Mary Ellen Mark
[Photographer, b. 1940, Elkins Park, Pennsylvania, d. 2015, New York.]

 I just think it’s important to be direct and honest with people about why you’re photographing them and what you’re doing. After all, you are taking some of their soul, and I think you have to be clear about that. 
 If you are interested in photography because you love it and are obsessed with it, you must be self-motivated, a perfectionist, and relentless. 
 I don’t think you can develop or learn a “way of seeing” or a “point of view.” A “way of seeing” is who you are, how you think and how you create images. It is something that is inside of you. It’s how you look at the world. 
 In a portrait, you always leave part of yourself behind. 
 It’s not when you press the shutter, but why you press the shutter. 
 A great photograph needs no explanation; it functions by suggestion. There is no need to be explicit.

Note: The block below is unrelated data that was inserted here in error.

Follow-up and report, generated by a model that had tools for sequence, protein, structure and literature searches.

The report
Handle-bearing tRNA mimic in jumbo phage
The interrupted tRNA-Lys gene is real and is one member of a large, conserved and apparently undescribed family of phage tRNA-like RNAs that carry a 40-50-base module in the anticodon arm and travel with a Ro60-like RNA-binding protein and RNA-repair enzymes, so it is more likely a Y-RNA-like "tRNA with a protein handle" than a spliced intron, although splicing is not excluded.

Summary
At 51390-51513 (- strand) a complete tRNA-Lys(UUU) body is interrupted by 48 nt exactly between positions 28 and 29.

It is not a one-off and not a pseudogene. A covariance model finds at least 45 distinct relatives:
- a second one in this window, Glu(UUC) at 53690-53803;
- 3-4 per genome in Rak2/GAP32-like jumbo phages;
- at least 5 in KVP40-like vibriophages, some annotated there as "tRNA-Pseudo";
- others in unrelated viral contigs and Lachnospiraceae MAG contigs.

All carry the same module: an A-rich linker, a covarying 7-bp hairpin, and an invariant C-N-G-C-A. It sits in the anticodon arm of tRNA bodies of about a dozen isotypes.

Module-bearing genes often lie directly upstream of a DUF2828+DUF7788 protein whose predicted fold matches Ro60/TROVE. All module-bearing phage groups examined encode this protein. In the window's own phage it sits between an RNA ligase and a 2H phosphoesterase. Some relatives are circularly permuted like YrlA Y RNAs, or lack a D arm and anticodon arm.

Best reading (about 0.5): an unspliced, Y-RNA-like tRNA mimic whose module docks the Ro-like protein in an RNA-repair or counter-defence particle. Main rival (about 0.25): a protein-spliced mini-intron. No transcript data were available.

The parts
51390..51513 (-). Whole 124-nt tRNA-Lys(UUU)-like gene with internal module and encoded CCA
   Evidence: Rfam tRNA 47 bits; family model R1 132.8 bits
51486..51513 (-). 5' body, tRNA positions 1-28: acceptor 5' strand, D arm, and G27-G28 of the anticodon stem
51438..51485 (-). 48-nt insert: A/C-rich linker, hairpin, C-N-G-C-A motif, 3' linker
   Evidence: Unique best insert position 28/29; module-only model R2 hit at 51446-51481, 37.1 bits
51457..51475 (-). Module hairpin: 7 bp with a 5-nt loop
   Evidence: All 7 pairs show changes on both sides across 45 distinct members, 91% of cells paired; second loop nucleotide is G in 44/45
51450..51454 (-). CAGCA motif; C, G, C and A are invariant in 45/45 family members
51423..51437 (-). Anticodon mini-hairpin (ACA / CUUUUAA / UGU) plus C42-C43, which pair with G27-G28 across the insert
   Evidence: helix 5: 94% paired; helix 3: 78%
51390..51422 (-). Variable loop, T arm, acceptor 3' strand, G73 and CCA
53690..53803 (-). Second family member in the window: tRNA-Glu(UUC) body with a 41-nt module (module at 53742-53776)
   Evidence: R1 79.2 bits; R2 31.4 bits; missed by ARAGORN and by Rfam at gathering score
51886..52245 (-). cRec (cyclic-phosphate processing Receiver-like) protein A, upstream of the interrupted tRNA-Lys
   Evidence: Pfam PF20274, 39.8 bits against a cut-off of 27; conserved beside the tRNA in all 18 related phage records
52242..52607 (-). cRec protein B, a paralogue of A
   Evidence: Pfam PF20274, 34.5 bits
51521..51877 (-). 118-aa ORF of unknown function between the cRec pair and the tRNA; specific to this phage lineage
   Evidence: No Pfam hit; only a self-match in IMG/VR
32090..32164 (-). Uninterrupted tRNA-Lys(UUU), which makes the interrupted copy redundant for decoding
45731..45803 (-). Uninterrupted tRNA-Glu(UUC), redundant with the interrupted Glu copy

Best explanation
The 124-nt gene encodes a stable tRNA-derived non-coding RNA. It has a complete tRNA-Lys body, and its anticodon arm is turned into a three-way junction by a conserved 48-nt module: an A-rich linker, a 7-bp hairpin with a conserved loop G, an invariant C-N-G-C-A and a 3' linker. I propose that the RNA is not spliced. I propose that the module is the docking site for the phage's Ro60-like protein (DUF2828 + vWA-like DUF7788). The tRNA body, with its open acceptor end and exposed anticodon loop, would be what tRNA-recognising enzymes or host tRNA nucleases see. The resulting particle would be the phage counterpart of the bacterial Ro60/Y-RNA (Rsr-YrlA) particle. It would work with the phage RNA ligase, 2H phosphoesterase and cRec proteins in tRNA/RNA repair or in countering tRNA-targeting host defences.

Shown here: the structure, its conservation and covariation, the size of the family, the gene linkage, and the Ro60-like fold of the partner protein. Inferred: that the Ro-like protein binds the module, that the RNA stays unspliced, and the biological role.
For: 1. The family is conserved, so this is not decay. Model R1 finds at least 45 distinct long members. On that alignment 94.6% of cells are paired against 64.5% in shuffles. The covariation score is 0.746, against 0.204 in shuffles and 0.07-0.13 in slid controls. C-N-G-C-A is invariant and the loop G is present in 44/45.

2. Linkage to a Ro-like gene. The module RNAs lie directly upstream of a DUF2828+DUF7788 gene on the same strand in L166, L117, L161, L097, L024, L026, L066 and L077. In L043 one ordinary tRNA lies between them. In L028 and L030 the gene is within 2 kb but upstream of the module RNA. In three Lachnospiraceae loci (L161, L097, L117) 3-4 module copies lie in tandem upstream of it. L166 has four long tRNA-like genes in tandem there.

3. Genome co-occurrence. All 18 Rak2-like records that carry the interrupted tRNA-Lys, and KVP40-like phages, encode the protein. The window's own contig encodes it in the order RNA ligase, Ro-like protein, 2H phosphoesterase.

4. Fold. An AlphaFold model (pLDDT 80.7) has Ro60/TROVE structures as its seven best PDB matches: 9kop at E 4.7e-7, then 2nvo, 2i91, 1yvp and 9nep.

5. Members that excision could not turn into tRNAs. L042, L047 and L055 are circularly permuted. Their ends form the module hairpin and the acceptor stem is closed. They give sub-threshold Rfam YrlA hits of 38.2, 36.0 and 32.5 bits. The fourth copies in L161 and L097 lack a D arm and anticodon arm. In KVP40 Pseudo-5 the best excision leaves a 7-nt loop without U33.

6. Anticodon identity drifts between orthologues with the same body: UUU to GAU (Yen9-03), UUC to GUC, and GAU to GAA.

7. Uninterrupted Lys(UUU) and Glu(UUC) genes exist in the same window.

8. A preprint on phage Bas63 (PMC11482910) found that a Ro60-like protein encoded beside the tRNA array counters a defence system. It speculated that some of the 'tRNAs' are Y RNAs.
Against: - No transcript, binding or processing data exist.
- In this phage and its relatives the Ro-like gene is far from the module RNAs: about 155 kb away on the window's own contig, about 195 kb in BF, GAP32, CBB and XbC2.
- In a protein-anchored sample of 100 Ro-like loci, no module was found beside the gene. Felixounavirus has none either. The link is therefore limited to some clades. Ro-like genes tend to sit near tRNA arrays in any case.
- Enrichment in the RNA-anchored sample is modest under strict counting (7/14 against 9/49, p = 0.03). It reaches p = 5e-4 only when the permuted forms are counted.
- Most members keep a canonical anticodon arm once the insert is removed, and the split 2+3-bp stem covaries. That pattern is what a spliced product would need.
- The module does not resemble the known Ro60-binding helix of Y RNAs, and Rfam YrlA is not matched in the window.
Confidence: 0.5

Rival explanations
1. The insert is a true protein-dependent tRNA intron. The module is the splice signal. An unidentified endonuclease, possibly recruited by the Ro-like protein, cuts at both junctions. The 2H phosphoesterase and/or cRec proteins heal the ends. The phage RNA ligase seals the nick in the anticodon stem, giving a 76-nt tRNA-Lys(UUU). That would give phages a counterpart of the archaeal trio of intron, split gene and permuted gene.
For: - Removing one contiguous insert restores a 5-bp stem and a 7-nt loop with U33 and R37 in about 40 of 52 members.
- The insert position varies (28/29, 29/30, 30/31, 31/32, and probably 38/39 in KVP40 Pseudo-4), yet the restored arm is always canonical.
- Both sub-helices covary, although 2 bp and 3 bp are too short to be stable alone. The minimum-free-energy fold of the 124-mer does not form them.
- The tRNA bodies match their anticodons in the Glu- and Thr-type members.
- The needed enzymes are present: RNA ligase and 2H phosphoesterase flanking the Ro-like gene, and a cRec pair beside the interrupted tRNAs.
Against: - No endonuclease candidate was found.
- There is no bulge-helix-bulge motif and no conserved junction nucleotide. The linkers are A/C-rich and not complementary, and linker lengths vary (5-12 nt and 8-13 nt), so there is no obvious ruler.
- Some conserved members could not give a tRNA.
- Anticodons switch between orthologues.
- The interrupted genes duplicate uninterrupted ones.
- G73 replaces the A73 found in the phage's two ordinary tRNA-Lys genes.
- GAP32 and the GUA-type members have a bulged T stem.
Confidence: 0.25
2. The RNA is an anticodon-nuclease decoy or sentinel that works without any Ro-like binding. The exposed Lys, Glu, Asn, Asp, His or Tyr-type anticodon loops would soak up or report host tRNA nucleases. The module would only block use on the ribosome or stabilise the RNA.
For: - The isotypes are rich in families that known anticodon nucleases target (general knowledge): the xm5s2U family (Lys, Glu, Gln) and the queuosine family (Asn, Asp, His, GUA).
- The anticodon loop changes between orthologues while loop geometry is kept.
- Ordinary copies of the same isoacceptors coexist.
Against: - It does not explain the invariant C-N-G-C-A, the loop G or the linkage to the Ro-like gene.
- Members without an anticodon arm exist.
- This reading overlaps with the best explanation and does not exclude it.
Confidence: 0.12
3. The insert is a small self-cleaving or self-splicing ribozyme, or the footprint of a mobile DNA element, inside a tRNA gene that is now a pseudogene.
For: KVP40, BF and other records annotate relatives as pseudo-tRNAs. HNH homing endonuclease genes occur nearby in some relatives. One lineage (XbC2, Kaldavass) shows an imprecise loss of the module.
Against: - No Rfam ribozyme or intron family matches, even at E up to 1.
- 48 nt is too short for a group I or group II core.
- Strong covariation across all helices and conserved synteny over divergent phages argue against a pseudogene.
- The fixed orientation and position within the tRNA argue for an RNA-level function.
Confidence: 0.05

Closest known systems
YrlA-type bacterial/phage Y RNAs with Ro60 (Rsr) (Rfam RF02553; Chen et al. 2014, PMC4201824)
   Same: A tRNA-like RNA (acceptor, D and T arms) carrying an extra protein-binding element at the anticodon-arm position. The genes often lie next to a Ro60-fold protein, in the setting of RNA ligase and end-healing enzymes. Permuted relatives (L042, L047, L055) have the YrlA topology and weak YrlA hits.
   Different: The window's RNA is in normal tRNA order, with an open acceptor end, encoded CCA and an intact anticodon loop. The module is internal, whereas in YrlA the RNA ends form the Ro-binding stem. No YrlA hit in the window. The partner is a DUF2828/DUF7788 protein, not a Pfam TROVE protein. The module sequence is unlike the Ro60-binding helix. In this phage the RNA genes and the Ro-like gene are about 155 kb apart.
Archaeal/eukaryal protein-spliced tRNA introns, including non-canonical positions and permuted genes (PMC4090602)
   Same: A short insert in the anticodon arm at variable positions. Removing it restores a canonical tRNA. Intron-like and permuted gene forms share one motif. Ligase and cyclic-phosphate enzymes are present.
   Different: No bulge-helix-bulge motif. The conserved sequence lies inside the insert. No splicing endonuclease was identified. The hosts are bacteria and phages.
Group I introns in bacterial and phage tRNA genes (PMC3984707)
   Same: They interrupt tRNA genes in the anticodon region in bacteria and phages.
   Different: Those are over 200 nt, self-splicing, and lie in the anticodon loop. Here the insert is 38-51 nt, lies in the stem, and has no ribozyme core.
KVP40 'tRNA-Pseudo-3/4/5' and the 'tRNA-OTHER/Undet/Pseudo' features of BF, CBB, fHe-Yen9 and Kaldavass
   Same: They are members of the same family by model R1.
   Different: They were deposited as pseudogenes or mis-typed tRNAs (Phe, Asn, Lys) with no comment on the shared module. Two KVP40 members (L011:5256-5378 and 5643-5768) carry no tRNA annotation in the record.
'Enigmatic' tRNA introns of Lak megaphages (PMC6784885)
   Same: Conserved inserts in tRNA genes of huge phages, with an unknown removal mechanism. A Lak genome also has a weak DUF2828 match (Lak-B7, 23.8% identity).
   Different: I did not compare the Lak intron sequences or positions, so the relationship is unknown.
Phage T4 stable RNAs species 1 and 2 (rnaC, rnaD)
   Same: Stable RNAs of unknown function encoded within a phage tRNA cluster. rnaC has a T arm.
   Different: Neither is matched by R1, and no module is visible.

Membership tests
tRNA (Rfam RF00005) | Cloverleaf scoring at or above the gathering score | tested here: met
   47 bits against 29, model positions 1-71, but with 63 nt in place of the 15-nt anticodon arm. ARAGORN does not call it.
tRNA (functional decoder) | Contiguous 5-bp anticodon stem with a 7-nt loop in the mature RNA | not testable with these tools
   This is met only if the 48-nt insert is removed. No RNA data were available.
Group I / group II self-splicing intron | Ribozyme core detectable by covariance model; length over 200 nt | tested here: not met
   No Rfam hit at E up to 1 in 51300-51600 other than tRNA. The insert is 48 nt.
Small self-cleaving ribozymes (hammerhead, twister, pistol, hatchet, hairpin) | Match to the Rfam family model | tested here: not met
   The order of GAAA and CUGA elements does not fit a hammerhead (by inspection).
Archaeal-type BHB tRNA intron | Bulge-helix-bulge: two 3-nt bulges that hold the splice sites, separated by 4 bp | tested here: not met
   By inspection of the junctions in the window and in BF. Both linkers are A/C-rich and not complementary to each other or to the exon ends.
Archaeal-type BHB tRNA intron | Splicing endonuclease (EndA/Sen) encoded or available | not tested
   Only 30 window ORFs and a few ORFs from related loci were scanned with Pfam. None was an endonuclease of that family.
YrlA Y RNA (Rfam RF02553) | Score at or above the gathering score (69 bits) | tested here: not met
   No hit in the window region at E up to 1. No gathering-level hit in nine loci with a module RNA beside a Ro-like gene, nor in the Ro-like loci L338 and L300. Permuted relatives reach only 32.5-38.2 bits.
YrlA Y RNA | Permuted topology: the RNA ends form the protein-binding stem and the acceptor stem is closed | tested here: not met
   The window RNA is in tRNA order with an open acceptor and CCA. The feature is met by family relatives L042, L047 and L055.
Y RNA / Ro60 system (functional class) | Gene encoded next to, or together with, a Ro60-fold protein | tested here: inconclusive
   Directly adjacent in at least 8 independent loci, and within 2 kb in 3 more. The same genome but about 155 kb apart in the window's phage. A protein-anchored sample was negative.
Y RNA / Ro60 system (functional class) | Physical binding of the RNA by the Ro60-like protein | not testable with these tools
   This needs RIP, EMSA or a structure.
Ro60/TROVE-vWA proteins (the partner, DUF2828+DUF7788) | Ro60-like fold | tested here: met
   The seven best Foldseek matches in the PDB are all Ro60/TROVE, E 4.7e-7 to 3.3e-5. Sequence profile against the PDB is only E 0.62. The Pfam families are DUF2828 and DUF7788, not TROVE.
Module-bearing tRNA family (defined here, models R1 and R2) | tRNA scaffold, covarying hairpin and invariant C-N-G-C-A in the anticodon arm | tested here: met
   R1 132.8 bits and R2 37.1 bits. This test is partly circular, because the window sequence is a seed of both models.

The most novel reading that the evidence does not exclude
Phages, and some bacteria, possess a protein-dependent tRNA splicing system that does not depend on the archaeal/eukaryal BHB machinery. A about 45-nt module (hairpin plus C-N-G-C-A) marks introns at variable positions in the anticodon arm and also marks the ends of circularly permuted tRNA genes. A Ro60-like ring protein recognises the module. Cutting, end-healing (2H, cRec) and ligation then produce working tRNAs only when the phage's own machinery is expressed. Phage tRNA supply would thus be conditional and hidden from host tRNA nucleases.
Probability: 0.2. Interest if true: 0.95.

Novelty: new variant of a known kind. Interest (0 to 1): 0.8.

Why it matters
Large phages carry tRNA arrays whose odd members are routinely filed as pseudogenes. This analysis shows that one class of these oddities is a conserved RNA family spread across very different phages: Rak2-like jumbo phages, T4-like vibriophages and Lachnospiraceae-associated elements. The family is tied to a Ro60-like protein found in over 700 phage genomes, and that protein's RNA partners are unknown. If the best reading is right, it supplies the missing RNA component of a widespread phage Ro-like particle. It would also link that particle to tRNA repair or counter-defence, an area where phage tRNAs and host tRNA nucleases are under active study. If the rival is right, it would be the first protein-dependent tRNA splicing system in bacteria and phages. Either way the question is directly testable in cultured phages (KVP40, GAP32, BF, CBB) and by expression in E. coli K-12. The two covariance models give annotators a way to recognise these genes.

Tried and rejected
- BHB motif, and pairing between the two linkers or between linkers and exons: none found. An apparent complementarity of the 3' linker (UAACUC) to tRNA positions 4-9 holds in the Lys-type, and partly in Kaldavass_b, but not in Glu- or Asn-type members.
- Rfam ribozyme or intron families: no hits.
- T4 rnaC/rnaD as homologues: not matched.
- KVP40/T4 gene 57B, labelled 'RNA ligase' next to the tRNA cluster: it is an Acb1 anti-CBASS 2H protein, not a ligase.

I go into every story thinking I’m going to fail. I think about that all the time—I think it’s going to be terrible. Every story is like the first I’ve ever done. 
 I think you reveal yourself by what you choose to photograph, but I prefer photographs that tell more about the subject. There’s nothing much interesting to tell about me; what’s interesting is the person I’m photographing, and that’s what I try to show... . I think each photographer has a point of view and a way of looking at the world... that has to do with your subject matter and how you choose to present it. What’s interesting is letting people tell you about themselves in the picture. 
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